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Once more, let's take a look at the 2 kinds of "Have":
1. I have a car.
2. I have been to China.
Although both sentences above use the Verb “Have,” the first “Have” is an Action Verb (broadly speaking) while the second “Have” is the real “Have” Verb. Because of this, if you change the 2 sentences into the negative, you can see that there are also 2 very different forms:
1. I don’t have a car.
2. I haven’t been to China.
Please be careful about this difference. Students often make these mistakes:
I haven’t a car. = X
I don’t have been to China. = X
By the way, the first sentence above is grammatically possible but less common. It’s better for you to practice “I don’t have + something/ someone”
For example, I don’t have a car. I don’t have a class. I don’t have a friend. etc.
The 2 sentences above are examples of how students often forget the original formulas and mix them up into strange forms.
You might remember from Lesson 5 that the real “Have” Verb must always be followed by another Verb and this Verb should be in the P.P. form. If you say:
I have eaten.
I have slept.
I have seen.
I have done.
You should also say:
I haven’t eaten.
I haven’t slept.
I haven’t seen.
I haven’t done.
Not “I don’t have eaten” or “I don’t have slept.”
The basic formulas are always true. If you turn the Action Verb "have" into the negative , you must use the Guest Verbs (from Lesson 8):
He has money. (Positive)
He doesn’t have money. (Negative)
He didn’t have money. (Negative Past)
But the original “Have” Verb must always be followed by the P.P. whether it's positive or negative:
They have met.
They haven’t met.
She has studied.
She hasn’t studied.
Right now we should mention “Have to,” a Modal Verb and a cousin of the 2 kinds of "Have."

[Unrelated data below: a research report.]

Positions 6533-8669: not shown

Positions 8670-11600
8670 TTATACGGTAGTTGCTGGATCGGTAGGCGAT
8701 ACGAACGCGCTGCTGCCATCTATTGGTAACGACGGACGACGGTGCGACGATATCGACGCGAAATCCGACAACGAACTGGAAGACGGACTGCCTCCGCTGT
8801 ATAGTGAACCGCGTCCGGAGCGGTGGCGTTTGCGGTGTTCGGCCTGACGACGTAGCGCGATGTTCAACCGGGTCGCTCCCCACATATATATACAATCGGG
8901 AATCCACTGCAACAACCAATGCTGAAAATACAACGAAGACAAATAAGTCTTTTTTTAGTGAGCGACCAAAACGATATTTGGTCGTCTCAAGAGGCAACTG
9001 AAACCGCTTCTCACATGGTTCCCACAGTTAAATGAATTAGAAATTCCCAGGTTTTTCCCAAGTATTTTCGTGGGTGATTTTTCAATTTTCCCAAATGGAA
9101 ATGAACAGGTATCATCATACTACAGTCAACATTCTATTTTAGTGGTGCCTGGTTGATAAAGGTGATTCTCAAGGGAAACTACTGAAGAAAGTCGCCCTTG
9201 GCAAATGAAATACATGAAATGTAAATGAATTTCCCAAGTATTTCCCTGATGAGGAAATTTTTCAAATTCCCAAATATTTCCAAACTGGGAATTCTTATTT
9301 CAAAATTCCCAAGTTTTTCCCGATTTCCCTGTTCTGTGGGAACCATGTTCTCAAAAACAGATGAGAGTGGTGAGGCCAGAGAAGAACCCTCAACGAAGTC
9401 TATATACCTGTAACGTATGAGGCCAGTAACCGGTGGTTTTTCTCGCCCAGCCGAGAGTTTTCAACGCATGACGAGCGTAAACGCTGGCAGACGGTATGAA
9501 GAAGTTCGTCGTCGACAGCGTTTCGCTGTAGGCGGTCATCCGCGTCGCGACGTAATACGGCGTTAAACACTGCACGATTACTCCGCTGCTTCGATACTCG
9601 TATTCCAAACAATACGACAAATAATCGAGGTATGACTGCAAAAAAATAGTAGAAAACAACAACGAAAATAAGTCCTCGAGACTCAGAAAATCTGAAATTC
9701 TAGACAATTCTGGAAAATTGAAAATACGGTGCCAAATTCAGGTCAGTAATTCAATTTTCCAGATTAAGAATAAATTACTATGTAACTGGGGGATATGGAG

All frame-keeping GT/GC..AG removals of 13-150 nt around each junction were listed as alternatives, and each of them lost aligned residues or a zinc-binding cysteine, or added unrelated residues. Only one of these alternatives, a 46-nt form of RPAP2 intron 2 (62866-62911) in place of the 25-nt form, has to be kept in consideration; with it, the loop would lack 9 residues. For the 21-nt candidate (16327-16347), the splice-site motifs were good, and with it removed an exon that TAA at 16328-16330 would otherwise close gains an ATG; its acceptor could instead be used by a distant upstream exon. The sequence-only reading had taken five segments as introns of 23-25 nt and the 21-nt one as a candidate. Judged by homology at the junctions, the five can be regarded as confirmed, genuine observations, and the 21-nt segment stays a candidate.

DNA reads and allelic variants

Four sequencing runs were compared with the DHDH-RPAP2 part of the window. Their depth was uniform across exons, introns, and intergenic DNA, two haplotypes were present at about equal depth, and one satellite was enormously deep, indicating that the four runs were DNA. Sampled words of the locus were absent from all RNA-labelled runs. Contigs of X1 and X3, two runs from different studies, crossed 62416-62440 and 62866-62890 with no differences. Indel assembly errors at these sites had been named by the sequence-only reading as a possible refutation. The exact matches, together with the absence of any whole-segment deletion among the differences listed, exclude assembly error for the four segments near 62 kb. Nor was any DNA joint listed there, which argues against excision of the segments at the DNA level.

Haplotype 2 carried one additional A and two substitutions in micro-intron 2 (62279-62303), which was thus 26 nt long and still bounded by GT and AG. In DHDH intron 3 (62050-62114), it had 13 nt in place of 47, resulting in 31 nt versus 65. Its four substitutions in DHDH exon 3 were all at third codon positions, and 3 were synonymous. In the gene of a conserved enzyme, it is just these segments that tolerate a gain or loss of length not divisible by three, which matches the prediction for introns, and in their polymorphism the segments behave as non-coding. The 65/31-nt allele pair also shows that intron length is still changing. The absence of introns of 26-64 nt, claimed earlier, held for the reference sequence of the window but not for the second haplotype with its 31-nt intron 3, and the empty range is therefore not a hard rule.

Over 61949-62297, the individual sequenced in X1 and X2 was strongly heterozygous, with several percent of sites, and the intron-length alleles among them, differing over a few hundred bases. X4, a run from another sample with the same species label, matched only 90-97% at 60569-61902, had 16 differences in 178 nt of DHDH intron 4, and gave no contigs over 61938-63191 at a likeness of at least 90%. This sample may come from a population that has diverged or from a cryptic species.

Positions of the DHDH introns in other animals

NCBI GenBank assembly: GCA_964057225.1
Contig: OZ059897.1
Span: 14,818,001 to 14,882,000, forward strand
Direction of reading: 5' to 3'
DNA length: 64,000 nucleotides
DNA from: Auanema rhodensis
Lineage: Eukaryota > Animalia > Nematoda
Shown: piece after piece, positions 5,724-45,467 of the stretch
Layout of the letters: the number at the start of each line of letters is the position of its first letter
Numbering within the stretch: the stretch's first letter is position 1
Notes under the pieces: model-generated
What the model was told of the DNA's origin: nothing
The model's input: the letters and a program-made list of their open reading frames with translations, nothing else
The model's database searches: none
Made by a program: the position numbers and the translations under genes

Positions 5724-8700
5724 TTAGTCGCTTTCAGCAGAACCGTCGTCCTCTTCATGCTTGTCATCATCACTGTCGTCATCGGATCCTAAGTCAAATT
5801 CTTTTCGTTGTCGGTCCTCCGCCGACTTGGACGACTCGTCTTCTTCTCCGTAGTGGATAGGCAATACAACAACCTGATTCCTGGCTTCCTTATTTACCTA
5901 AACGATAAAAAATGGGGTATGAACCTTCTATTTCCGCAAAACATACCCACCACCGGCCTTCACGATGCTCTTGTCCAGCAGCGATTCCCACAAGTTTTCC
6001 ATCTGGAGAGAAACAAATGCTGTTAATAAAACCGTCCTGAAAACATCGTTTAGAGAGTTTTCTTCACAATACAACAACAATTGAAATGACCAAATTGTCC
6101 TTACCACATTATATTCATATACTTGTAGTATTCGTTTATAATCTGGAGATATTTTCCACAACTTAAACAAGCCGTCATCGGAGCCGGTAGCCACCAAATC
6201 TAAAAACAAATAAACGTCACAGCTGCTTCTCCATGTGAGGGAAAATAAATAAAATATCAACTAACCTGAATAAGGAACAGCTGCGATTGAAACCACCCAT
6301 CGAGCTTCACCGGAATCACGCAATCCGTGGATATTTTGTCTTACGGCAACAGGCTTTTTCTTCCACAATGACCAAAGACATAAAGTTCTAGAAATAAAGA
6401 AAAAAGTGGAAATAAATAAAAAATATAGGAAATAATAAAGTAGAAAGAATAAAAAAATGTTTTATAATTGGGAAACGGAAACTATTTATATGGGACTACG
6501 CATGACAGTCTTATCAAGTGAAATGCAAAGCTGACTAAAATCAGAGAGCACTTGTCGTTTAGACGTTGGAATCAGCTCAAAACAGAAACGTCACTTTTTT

You will realize that “Have to” is a bit strange because it’s different from its original family, the Modal Verbs.
When we change many Verbs into the negative, it’s easy because we just add “not” at the end. For example,
The “Be” Verbs
is, are, was, were
isn’t, aren’t, wasn’t, weren’t
The “Have” Verbs
has, have, had
hasn’t, haven’t, hadn’t
The Modal Verbs
will, would, can, could, might,
may, must, should
won’t, wouldn’t, can’t, couldn’t, mightn’t, may not, mustn’t, shouldn’t
Except for the Action Verbs (Lesson 8):
go, sleep, talk, cook etc.
doesn’t go, don’t sleep, didn’t talk etc.
Like I said, “Have to” is strange because it's a Modal Verb but it doesn’t follow the other Modal Verbs. It becomes just like an Action Verb when we change it into the negative. Take a look:
The Modal Verbs
may may not
have to doesn’t have to
In summary, positive “Have to” is a Modal Verb so you should always put a base verb after it:
Ex. will go, might come, must join, have to study, should eat etc.
But if you change it into the negative, you should say: Don’t have to:
Ex. don’t have to read, don’t have to buy, don’t have to call, don’t have to visit etc.
Lastly, let's compare these:
I have eaten. (original Have Verb) I haven’t eaten.
I have a girlfriend. (Action Verb Have) I don’t have a girlfriend.
I have to leave. (Modal Verb Have to) I don’t have to leave.
To make the sentence that you want, avoid mixing up the different Have Verbs.